is reduced to gridlock. Savvy fans have already figured out that this isn’t necessary, so how about educating the rest of the crowd? Put up a big sign with arrows above Ben’s that says “Ben’s Chili Bowl Half Smokes are available at all hot dog stands.”

Nationals Park Fan Photos#3: Update the “Fan Photo” options. The new “Fan Photo” photographers roaming the park are a fun addition that I hope generates some big revenue for the team (look for the photographers in the green shirts). Unfortunately, if they take a photo you like, there is a surprising paucity of nice framing options commemorating the inaugural game or inaugural season. Instead, the outdated offerings include a $150 option framed with dirt from RFK stadium, and a $34 acrylic-enclosed Nationals History that starts “The Washington Nationals have played only two full seasons through 2006…” C’mon Stan. I’d love to throw you more of my fan money, but…

#2: 41,888 Cupholders please. Much was made in the press about how Nationals Park would have 41,888 seats and 41,888 cupholders. Unfortunately, Nationals Park does not deliver on the latter. There were reports of many seats without cupholders. The main culprits are the angled rows where the number of seats is reduced as you get closer to the field, such as in section 110 along the 3rd base line. It seems to me that the team could come up with a solution, such as installing two cupholders on the back of a single seat.

#1: Explain the rules to Teddy! If Teddy is every going to have a chance to win the presidents race at Nationals Park, he can’t be kept in the dark. Last week’s opening night debacle, in which Teddy ran straight into center field rather than around the warning track with the other presidents, suggests to me that somebody on the inside is trying to mislead our 26th president. This is unfair! Teddy Roosevelt is among the smartest and most physically fit presidents in U.S. history. Give him a level playing field and Teddy will win!

Photos from flickr users randomduck, tbridge, Scott Ableman, and afagen

Nationals Park Tour Tickets Go On Sale This Morning

Nationals Park BullpenThe Washington Nationals have announced that they will offer behind-the-scenes tours of Nationals Park on non-game days beginning Saturday, April 19. Adult tickets cost $15.00 and go on sale this morning, April 7 at 10:00am.

The 75-minute guided tour of Nationals Park promises an “up close and personal” view of the the Washington Nationals’ home dugout and state-of-the-art clubhouse, plus the Nationals bullpen, batting cages, press box, a luxury suite, the PNC Diamond Club, the Lexus Presidents Club and the Stars & Stripes Club.

Participants in Nationals Park tours will have opportunities to throw a pitch in the Nationals Bullpen, among other interactive activities.

A reduced rate of $12.00 will be available to groups of 15 or more, seniors 55 or older, military personnel, and children age 12 and under. Children under the age of 2 will be admitted free. Groups of 25 or more may request a private tour.

Tickets will go on sale at Nationals.com, at the stadium Kiosks near the team store at Nationals Park, and at the Box Office during normal business hours.

Nationals Park bullpen photo by Scott Ableman.

Nationals Park Open House This Friday & Saturday

If you didn’t score tickets to opening day and can’t wait to see Nationals Park, here’s your chance. Today the Washington Nationals announced an open house at Nationals Park with email invitations sent to subscribers of the “Nationals Insider” email list.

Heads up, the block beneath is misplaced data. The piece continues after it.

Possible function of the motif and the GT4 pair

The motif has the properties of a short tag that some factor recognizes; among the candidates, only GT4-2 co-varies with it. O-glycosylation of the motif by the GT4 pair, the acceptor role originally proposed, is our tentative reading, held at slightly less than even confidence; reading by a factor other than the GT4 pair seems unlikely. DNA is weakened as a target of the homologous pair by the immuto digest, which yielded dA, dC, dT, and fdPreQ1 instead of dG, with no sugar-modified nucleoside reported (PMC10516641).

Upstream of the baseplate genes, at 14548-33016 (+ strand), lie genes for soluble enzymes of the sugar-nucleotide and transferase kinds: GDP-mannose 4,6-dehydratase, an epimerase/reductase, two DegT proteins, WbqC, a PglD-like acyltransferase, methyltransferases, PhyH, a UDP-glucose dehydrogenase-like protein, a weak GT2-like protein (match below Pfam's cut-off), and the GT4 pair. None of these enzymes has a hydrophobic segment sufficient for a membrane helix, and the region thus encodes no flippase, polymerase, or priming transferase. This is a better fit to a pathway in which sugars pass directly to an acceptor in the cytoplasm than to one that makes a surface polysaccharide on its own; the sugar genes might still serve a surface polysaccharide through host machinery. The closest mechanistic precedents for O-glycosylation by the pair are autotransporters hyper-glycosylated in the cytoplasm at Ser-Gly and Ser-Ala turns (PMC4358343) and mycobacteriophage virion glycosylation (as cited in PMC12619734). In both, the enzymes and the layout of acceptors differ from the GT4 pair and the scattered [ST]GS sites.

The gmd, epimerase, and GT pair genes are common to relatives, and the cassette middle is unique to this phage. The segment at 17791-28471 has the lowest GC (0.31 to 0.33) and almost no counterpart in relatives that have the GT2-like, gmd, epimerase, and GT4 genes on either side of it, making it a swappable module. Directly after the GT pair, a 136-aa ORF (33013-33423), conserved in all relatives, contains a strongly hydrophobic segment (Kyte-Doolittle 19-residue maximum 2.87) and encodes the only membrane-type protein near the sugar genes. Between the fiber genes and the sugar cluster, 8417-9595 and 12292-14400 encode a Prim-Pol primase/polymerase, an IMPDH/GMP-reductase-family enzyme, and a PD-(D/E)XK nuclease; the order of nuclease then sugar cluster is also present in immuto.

Though the team is playing on the road this week, Nationals Park will be opened the the Welcome Home Nats Open House on Friday, April 4th from 6:00pm to 8:00pm, and on Saturday, April 5th from 12:00pm to 4:00pm. An online RSVP and ticket printout are required for entry, however there does not appear to be any limit to the number of tickets which may be requested.

Concessions will be open, as will the Build-a-Bear Workshop and the Strike Zone interactive games. The racing presidents will also be there for fun and photo opportunities.

If you aren’t a high roller, this may be your only chance to check out the the Presidents Club, The Diamond Club and Stars & Stripes Club. All will be open for everybody in attendance.

During Saturday’s open house, the Nationals game vs. the St. Louis Cardinals will be broadcast live on the new 101-foot wide high-definition video screen. Unfortunately, parking will NOT be available, so take Metro!

More information is available from the Nationals at 202-675-NATS. If you aren’t a subscriber, you can sign up for the Nationals Insider newsletter here.

Five Things I Loved About Nationals Park

Cup holders in every seat at Nationals ParkI know it’s just one game, but a few things about the opening day experience at Nationals Park left me quite hopeful about the notion that this is where I’ll be watching baseball games for the rest of my life.

Here are five of the reasons:

#5: Big Cup Holders. The team’s food policy states that you can bring 1-liter bottles of water into Nationals Park. Not being a soda guy, I picked up a case of 1-liter water bottles last week in preparation for the season. As you can see, that big 1 liter kahuna fits perfectly in the new cupholders.

Thankfully, my seat actually has a cupholder. Some seats did not, but that’s another story for another day.


#4: Four-Way Chili. Savvy Nationals fans back in the 2006 season at RFK Stadium knew how to find their way to the 300-level terrace food court, where Hard Times Cafe Hard Times Cafe at Nationals Parkhad a brief run as the food vendor of choice for the discerning palate. Now Hard Times Cafe is back at the new Nationals Park, serving fine Chili Nachos and “Chili Mac,” known to true devotees of Cincinnati chili as a “4 way” (chili, spaghetti, cheese, and onions). You’ll find Hard Times Cafe at Nationals Park next to Red, Hot & Blue in the left field food court.

Helmut Sundae